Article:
How Small Businesses Compete

How small businesses compete with MNCs in many countries and give a tough competition reminds us of the story of David vs. Goliath?

Smaller rivals are assaulting the world’s biggest brands- is the headline story in the latest issue of Economist. 

“If you’re looking where everybody else is looking, you’re looking in the wrong spot.”- Mark Cuban 

Multinationals are seeking to exploit global scale economies while small businesses are trying to fragment the market and serve the needs of distinct niches. 

A well-tuned small business can easily outperform its larger counterparts in customer service, trend identification, product output and quantity control...

Image Source: Stock Images from freedigital photos

 How Small Businesses Compete- Michael Porter's Entry Barrier 

Michael Porters Entry Barrier Strategy

The well-known marketing guru has propounded that if you can find ways to build entry barriers it will help you to prevent new players entering the market.

We have several examples spread across different countries where new entrants have captured significant market share. MNCs took time to react as they felt they had built an impregnable fortress in terms of distribution chain, R&D and a fat purse to build brands. They realized that customer loyalty is fickle and customers switch when they get want they want with an affordable price tag.

This has forced MNCs to launch products to compete in that segment. In some cases, the smaller rivals have been acquired by MNCs.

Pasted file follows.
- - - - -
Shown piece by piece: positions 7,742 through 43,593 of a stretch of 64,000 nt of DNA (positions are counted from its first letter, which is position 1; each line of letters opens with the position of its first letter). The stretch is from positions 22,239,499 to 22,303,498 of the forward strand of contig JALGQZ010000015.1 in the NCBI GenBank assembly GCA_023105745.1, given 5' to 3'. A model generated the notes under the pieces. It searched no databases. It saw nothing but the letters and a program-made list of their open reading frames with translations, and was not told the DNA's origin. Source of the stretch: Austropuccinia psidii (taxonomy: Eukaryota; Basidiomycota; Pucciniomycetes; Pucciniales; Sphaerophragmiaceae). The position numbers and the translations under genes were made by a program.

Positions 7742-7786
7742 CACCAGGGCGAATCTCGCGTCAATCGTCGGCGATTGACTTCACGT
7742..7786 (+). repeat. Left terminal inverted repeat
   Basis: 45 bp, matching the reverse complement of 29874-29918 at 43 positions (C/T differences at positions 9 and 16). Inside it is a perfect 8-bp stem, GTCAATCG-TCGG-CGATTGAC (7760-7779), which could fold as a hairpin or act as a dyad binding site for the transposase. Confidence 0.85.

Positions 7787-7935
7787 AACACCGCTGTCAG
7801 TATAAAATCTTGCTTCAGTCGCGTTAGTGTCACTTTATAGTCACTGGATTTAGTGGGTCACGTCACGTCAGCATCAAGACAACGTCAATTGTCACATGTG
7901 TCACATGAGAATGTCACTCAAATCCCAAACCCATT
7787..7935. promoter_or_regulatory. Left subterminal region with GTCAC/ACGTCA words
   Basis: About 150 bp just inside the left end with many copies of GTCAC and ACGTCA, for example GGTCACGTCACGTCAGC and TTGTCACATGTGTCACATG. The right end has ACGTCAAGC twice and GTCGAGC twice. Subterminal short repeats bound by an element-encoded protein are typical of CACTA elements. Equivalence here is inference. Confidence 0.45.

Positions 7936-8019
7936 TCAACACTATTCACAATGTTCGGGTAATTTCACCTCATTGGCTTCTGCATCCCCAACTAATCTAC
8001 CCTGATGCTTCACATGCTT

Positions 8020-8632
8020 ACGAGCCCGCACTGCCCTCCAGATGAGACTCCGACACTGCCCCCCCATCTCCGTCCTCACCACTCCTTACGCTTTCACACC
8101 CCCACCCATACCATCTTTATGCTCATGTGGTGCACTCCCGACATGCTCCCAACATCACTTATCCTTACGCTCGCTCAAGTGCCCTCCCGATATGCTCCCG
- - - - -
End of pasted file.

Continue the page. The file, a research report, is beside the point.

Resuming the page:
In spite of this the continuing growth of the smaller player shows that MNCs have not been able to kill them. 

How Small Businesses Compete - USA

USA

i.             Daniel Lubetzky

Competing with U.S. snack bar category Giants- General Mills, Kellogg & Cliff Bar

Daniel began selling the KIND fruit-and-nut bars in health-food stores. This brand has now become ubiquitous and is available on the shelves of Wall mart and airports. Kind bars have captured 5% market share.

The brand's surge is yet another sign of how small companies -- not big ones -- are setting the tone across the food industry.

Hershey and Mars have entered this growing market.

ii.           Michael Dubin and Mark Levine

Competing with Shaving Products Giant Brand-  Gillete of Proctor & Gamble

They were unhappy with the expensive Gillet razors and launched cheaper ones directly to consumers five years ago. Their Dollar Shave Club now controls 5% of America’s razor market. The marketing video launched is audacious and directly challenges the established Gillette Brand. 

How Small Businesses Compete - Americas

Brazil

Botica Comercial Farmacêutica,  a local brand sells nearly 30% of perfumes.

Mexico

Jahwa competing with McDonalds focused on offerings that reflect local preferences. Their network tapped into Mexican consumers’ preference for freshness and their habit of shopping daily at a nearby store, creating a huge barrier for entry of foreign competitors.  

How Small Businesses Compete- China & South East Asia Examples

China

Yunnan Baiyao Group accounts for 10% of the toothpaste market, with sales growing by 45% each year since 2004.

Philippines